The East West Railway Company (EWR Co) has set a target of a 10% biodiversity net gain across the whole project.

The East West Rail project is a new rail link being built in the UK connecting East Anglia with Central, Southern, and Western England. In particular, the project will build a line linking Oxford and Cambridge via Bicester, Milton Keynes, and Bedford.

According to the East West Railway Alliance (EWRA), 20 Ecological Compensation Sites (ECSs) along the length of the route from Bicester to Bletchley have been created to protect and reduce the impact of the project on important and protected species and habitats.

Many of the ECSs created by EWRA have been transformed from low diversity, arable land into purpose-built wildlife havens, designed to benefit invertebrates, butterflies, birds, bats, reptiles and amphibians, otters, and badgers.

EWR Co, which is responsible for planning the rest of the project between Bletchley and Cambridge, now wishes to continue the environmental work carried out by EWRA.

The company committed to the 10% target in its latest proposals published in May.

“Reducing the project’s environmental impact has been a crucial factor in designing and building the East West Rail, which is why we have been working closely with ecologists, engineering designers, and construction teams to preserve or improve habitats at every opportunity,” said EWRA Director Mark Cuzner.

“We are delighted that our ECSs are proving to be a huge success and there are management plans in place for all of them to ensure they continue to flourish for many years to come.”

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Following completion of the project, the ECSs will be returned to their third-party landowners or to Network Rail, who will ultimately become the maintainers of these sites for years to come.

Positive impact of sites already showing

The ECSs – which incorporate 45 ponds, badger setts, a bat house, more than 70 bat boxes and the planting of more than 150,000 plants and trees – benefit some especially important species and habitats associated with the East West Rail project.

These include black poplar trees – the most endangered native timber tree in Britain – the rare black hairstreak butterfly, and barbastelle bats – one of the rarest species of mammals in the UK, listed as Near Threatened on the global IUCN Red List of Threatened Species.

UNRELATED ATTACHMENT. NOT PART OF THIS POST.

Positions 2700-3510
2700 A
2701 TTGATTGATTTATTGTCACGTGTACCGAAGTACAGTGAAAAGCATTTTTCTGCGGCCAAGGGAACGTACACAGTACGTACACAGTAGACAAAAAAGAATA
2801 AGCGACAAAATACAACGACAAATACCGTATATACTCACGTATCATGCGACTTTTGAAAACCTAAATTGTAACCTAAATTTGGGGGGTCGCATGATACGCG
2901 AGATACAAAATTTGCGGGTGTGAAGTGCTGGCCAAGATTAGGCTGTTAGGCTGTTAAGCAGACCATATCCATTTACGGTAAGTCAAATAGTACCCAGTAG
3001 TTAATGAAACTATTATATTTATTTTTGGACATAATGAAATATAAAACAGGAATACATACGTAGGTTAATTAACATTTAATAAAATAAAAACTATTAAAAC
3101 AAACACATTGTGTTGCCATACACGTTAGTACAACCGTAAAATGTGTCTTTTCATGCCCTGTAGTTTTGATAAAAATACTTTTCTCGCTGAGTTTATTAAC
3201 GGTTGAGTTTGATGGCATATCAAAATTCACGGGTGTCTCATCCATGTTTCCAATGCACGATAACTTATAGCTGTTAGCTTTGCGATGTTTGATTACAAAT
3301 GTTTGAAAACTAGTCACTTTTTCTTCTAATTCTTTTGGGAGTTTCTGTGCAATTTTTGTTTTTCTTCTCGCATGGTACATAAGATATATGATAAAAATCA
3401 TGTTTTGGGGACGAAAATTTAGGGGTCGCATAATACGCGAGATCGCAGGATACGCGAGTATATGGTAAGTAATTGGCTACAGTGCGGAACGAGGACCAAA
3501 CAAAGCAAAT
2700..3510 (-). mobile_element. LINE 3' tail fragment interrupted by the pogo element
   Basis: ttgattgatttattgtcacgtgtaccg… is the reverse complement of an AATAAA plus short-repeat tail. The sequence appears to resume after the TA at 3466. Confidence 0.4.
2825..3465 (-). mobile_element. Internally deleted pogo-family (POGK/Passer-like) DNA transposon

The ECSs and new habitats are now established, and according to EWRA, surveys are already showing positive results.

Two species of bat are now roosting in a specially-constructed bat house, built to replace the Swanbourne Station building. Three further species have been recorded visiting the structure: Brown-long eared, Natterer, and Daubenton. Bat numbers across the project have remained stable since the first surveys in 2021, suggesting bats have coped well with the construction phase of the Project.

All of the new ponds created have confirmed great crested newt populations, according to EWRA, and 10 out of the 11 barn owl boxes built have shown evidence of breeding during surveys.

27 artificial badger setts built have all been occupied by badgers, with a fifth of them used for breeding, and an artificial otter holt is being used regularly by otters.

“The UK has suffered a significant loss of flora and fauna over recent decades, so it is fundamental that we not only preserve and conserve these along the rail route but do our bit to increase the chances for nature and wildlife,” said Vanessa Hilton, EWR Co’s head of environment.

“It’s great to know that these ECSs are doing well, along with our wider landscape replanting work and that is why we have committed to a 10% biodiversity net gain across the length of the whole Project. Learning from the work that has already been done and we’re confident we can repeat this success story for the wildlife between Bletchley and Cambridge.”

Offsetting the environmental impact of rail projects is a high priority for project managers, but there are those who have come under fire.

In February, environmental groups accused the HS2 project of hugely undervaluing natural habitats and the wildlife that is being destroyed by the construction of the new high-speed line. In a joint report, the groups said that the tool HS2 Ltd used for assessing impacts on nature is “untested, out of date and fundamentally flawed”.